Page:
It is not possible to clap with one hand. Highlighting this truism, OLX, one of the biggest players in the segment, has decided to acknowledge the buyer in its communication. It has moved away from the usual seller-centric campaigns.
The brand has released two films - #PatiParmeshwarNOT and #SushilBachcha. In the first, a wife is seen complaining about her husband's snoring habits in a hopeless voice. She pleads with the viewers to sell a sofa on OLX because she desperately needs one. The second film shows a couple talking about their child's inquisitive nature, without referring to his destructive ways. They turn to the viewers in their search for unused appliances that can replace the ones destroyed in their home.
This is the brand's way of saying that, whatever be the product, there is always a buyer on OLX. According to Shayondeep Pal, group creative director, Lowe Lintas, the campaign is a seller's campaign disguised as a buyer's campaign. "We chose to speak through the buyer and her unique needs, thus encouraging a sceptical seller who is unsure about selling her stuff on OLX," says Pal.
The site claims to get 1.5 Billion page views a month. Though there is no way to measure the number of transactions - OLX is only the middleman between the buyer and seller - the site has grown exponentially in the last few years. According to Batra, OLX is still expanding and is investing more in brand building in new markets as well as reinforcing its position in existing markets.
OLX communication is a result of its research findings and insights. OLX's Consumer Research on Used-goods and Selling Trends (CRUST) showed that there are unused goods with a combined value of Rs 22,000 crore lying around in urban India. Again, the site traffic gave the brand the insight that many people who were selling their goods would find buyers within few hours, or even minutes at times. "We married these two findings to get more sellers to the site. But we decided that, this time, we could make the buyers do the talking. So in a way, our target audience for the campaign remains the seller," adds Batra.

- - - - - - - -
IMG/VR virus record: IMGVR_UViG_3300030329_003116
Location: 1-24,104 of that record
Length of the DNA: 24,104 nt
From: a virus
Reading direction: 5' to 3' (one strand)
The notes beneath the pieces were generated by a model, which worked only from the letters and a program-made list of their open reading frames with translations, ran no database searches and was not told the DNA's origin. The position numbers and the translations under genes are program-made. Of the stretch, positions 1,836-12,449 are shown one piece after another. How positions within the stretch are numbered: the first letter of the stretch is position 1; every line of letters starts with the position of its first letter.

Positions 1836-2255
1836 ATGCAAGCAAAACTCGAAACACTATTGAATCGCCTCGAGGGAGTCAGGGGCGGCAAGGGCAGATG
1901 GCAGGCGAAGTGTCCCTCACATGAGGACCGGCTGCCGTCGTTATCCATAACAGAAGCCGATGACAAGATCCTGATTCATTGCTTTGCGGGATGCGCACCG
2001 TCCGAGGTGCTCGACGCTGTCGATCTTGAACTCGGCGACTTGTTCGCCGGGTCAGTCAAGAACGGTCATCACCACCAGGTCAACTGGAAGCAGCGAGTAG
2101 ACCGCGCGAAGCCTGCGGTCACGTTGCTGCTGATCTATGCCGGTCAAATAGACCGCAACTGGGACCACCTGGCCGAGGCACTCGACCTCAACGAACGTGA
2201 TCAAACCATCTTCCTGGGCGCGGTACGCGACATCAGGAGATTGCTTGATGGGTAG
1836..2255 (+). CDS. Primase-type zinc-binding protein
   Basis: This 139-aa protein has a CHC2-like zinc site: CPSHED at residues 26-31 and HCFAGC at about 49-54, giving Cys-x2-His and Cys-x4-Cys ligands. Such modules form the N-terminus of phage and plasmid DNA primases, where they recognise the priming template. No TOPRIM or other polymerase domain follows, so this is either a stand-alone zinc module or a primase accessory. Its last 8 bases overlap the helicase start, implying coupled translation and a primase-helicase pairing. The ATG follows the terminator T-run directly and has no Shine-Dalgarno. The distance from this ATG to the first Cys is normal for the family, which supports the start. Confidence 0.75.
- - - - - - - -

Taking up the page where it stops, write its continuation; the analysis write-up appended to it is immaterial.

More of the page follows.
The use of the buyer's voice is also an attempt on the part of the brand to sensitise the seller that they sell or list products that are of good quality. By giving a face to the buyer, the brand makes the exchange more personal. OLX is also trying to grow the market for used products. While a lot of people are aware of OLX, Quikr and the like, many have not used it for fear of being ridiculed or not finding a buyer or not being offered a decent price. The current campaign tries to talk to the potential seller by urging them to take action.
But growing the market has not just been OLX's priority, as can be seen by other players' sudden interest in buyers. Competing brand Quikr.com tried to position itself as the perfect matchmaker between buyer and seller in its earlier campaigns. Online information directory AskMe.com brought out campaigns asking viewers to shun the sell brigade and 'incentivised' it by offering them discounts while buying on the site. Can this approach help OLX retain its position in the market?
K Vaitheeswaran, e-commerce consultant and founder of Indiaplaza, India's first e-commerce website, explains that the number of buyers in the ecommerce model is usually greater than the number of sellers. So by focusing on the buyers, OLX is trying to grow the market. "Quikr had previously done a campaign showing both the buyer and seller. But focusing on both made it a bit confusing. Here, OLX focuses only on the buyer," says Vaitheeswaran.
He adds that the industry has not seen any communication about the quality of products, which leaves a great positioning for brands to talk about. Unlike a Flipkart or Snapdeal, where the product quality is brand dependent, in a used-product market there is no way of knowing the condition of the product. However, he points out that since the players (OLX and Quikr) do not actually sell the product, it is probably a difficult positioning to take.